The fact that you are reading this article in a magazine that has never seen a printing press tells us a lot about the ways that technology overturns things that we like to take for granted.A few years ago spatial technology (it was called GIS) was easy to take for granted.There were a few vendors, two or three trade shows and a cadre of users who had braved weeks of training and months of trial and error to become "GISers".We lived in a small, comfortable world protected by our jargon and arcane technology.Now spatial technology, hardly recognizable, has exploded into business, to the Internet, to our desktops and even our cars.We are being jostled down the mainstream at dizzying speed.
At ISSI we make a living by analyzing this increasingly complex spatial information management industry.Fortunately, we have some heavy-duty help from International Data Corporation (IDC), the largest technology analyst firm on the planet.Together with IDC, we have developed an approach for explaining and predicting the ways that the industry operates and evolves.The approach works for us.In this series of articles we will present that model in hopes that it will prove useful to Directions readers.
|" We based our SIM industry segments on user requirements rather than the activities of vendors and the "technology du jour""|
Our approach has two main parts.The first is a model that describes the major SIM industry segments.The second part is a model that describes how different vendors and their technologies fit together to deliver solutions for customers.IDC has been using this model since 1995, when Dr.Henry Morris, IDC's VP for Data Warehousing and Information Access, developed the Application Ecosystem model.More about the Ecosystem model in the next article.First, we need to describe our approach to segmenting the SIM industry.
We based our SIM industry segments on information a level above specific software technology, focusing on user requirements rather than the activities of vendors and the "technology du jour" .This time-tested approach has produced robust models and good advice for clients.For example, the technology for serving map data across the Internet may be in rapid flux, with boom and bust cycles in rapid succession.But the driving requirement is for more intimate interactions between customers and businesses.So, our model focuses on requirements for customer intimacy rather than the latest Internet map servers.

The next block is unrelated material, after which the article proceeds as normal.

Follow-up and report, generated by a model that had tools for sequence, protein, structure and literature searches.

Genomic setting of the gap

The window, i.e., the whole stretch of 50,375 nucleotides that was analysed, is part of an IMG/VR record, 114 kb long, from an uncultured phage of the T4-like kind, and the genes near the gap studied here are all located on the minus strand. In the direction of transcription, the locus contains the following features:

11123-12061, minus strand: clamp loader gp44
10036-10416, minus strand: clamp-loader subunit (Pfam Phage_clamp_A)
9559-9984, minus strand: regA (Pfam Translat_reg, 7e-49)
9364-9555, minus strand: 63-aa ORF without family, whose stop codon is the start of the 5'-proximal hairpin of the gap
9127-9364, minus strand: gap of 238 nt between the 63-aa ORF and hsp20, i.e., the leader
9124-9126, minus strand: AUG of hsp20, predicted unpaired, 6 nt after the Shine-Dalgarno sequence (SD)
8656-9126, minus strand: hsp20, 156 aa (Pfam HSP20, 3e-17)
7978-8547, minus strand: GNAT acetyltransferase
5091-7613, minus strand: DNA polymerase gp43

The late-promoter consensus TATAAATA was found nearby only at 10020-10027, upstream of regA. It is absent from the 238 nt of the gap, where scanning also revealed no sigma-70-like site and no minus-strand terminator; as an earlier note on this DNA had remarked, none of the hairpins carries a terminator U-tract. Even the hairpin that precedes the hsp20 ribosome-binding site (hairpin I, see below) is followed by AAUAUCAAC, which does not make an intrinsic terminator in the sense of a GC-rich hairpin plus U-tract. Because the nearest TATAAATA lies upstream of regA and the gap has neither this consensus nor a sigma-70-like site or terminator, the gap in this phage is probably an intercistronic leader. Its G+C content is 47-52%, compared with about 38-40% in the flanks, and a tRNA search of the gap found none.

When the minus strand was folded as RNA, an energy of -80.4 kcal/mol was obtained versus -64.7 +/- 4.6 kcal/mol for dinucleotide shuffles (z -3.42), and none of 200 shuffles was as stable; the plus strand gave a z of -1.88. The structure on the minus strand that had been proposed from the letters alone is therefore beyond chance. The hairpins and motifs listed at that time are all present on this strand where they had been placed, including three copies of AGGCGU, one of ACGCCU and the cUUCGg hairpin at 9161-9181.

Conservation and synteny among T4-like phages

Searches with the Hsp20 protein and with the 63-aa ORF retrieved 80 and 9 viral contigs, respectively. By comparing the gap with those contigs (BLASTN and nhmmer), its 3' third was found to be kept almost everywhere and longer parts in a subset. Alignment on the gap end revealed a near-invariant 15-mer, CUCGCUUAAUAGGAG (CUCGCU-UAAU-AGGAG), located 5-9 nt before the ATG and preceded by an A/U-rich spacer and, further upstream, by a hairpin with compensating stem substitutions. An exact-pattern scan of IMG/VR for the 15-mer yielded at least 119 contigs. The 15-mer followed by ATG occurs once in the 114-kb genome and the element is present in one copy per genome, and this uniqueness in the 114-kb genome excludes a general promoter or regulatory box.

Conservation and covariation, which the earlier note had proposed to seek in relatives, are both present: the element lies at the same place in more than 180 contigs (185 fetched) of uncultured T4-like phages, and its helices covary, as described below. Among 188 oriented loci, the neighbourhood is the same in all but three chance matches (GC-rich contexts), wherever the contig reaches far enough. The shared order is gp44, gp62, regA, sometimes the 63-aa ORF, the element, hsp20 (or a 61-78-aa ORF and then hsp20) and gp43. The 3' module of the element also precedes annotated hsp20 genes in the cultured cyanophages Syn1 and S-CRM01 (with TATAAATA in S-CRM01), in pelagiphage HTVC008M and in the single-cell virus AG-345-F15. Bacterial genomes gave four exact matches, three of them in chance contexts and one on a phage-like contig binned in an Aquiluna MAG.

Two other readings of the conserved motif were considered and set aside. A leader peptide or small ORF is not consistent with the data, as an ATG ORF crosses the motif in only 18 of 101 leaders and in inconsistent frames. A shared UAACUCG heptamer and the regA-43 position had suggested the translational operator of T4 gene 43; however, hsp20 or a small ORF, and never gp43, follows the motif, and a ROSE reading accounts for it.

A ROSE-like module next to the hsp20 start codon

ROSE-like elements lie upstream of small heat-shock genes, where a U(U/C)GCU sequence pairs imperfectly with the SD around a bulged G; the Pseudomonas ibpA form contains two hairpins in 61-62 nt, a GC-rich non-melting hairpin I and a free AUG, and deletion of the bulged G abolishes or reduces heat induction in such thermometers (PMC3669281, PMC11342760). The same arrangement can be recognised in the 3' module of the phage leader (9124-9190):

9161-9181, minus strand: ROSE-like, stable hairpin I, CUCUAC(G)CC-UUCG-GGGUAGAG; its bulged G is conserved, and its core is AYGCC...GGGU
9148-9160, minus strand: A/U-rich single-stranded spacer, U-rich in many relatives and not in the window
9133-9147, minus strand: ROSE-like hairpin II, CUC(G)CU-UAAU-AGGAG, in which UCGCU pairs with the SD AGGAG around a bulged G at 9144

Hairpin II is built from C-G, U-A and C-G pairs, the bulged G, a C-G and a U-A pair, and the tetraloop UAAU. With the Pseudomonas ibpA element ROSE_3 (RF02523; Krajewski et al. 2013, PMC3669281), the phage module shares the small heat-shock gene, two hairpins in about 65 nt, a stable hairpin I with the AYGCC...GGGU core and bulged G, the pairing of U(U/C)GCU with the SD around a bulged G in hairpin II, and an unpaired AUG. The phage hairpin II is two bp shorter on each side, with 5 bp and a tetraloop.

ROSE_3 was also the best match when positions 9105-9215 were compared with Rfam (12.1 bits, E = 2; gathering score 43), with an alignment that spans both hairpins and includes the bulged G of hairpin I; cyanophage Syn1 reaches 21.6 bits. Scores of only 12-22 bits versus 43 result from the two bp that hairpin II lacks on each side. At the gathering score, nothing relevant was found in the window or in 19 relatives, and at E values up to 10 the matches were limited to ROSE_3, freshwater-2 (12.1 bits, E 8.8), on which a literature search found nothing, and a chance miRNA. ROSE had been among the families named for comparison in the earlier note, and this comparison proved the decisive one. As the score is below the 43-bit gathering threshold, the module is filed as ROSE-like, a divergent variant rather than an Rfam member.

Industry models are interesting, but it takes data to make them useful.Data for this model comes from three sources.First, we took SIM revenue and growth data from IDC's annual Global Information Technology Survey of over 2,000 software vendors.In a separate survey, IDC and ISSI contacted IT professionals in over 1,800 medium and large companies to ask about their use of SIM technology.Finally, we used data from a survey developed with Microsoft of over 1,700 business professionals to estimate the importance of geographic information in their jobs.(The detailed data from all these surveys will be available from IDC in their report "Spatial Information Management: 1999 Worldwide Markets and Trends" in early September.Information on the 1998 report is here.)
In analyzing data from these surveys, we found distinct sets of user requirements for SIM technology.Working from these user requirements, we divide the SIM industry into three segments: GIS, Business Support Systems and Personal Productivity.As shown in Figure 1, a fourth segment, Internet, overlays the others.
Figure 1: SIM Industry Segments
In each segment, basic spatial information handling technology is similar.But the similarity ends there.Each segment represents a unique set of user requirements.Each segment is a unique market with its own applications, data and distribution channels.Vendors who are very successful in one segment generally have a tough time moving to another.The success factors in each segment are just fundamentally different.